Lastly, according the 2018 edition of the Catalogue of Overseas Investment Sensitive Industries, real estate, hotels, cinemas, entertainment and sports related investments will not be approved. These measures were taken after Chinese companies took on huge piles of debt to fuel their overseas investments. Giants Dalian Wanda, HNA Group, Anbang Insurance and Fosun among others went on a shopping spree starting in 2015 buying everything from triple A location office towers and luxury hotels to movie studios in Hollywood and football clubs in Europe. However, since late 2017 they are only making the headlines with debt loaded balance sheets and increasing pressure of loan paybacks and interest payments. The Chinese government’s interference did not end with just promulgating restrictions on overseas investment. It even seized control of Anbang and removed the company’s chairman Wu Xiaohui from his post. Eventually Wu was prosecuted for fraud and embezzlement and ultimately jailed for 18 years and $1.7 billion of his assets confiscated.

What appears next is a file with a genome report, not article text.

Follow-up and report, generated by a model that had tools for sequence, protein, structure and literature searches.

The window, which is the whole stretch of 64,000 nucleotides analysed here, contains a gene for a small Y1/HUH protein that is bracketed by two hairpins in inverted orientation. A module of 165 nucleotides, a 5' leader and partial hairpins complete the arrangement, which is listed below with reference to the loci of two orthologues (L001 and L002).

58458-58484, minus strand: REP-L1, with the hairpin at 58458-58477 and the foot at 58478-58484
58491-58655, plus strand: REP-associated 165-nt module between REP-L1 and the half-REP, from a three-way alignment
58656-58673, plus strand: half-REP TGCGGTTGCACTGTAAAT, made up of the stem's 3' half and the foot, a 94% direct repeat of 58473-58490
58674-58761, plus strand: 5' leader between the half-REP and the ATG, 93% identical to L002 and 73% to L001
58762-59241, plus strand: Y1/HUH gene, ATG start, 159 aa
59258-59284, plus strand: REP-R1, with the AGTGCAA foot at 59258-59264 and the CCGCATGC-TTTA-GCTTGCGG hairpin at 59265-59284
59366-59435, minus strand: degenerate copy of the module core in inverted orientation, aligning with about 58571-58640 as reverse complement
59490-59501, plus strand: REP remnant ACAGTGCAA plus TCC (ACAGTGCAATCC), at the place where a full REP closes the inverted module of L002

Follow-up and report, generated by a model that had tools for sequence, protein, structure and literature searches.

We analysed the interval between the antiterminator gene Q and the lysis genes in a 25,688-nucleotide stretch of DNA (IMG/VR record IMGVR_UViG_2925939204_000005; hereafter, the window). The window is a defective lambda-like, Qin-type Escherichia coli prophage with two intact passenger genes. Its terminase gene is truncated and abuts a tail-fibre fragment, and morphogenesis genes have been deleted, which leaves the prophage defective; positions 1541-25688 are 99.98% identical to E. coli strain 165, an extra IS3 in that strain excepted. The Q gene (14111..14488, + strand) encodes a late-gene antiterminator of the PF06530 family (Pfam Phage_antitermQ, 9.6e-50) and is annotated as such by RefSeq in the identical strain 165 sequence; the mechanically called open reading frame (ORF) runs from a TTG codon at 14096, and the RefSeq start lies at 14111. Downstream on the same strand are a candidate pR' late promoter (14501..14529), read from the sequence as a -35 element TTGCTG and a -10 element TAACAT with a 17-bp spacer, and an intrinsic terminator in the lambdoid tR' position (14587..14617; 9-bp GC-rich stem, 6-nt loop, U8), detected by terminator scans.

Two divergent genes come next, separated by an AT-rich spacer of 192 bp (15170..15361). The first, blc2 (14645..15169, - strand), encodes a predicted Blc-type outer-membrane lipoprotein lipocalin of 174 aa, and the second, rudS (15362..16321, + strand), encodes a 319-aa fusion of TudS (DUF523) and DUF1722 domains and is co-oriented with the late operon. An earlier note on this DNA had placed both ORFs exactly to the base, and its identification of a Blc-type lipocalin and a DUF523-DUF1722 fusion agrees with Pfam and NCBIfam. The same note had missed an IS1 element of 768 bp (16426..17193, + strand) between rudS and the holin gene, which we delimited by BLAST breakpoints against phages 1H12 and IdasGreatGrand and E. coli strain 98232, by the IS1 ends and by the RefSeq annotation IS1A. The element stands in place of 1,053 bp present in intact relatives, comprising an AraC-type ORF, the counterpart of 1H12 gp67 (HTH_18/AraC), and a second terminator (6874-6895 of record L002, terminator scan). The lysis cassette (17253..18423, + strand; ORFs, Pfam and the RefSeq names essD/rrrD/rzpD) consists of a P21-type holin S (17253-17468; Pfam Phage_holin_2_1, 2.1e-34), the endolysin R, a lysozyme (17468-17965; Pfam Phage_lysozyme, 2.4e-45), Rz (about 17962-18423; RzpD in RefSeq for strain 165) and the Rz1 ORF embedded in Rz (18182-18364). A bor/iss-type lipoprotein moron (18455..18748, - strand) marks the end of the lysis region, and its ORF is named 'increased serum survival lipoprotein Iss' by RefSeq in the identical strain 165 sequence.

Qualified Domestic Institutional Investor Overseas (QDII)
The QDII scheme are domestic fund management companies approved by the China Securities Regulatory Commission (CSRC) to raise funds in China and use some or all of the funds to manage overseas investments.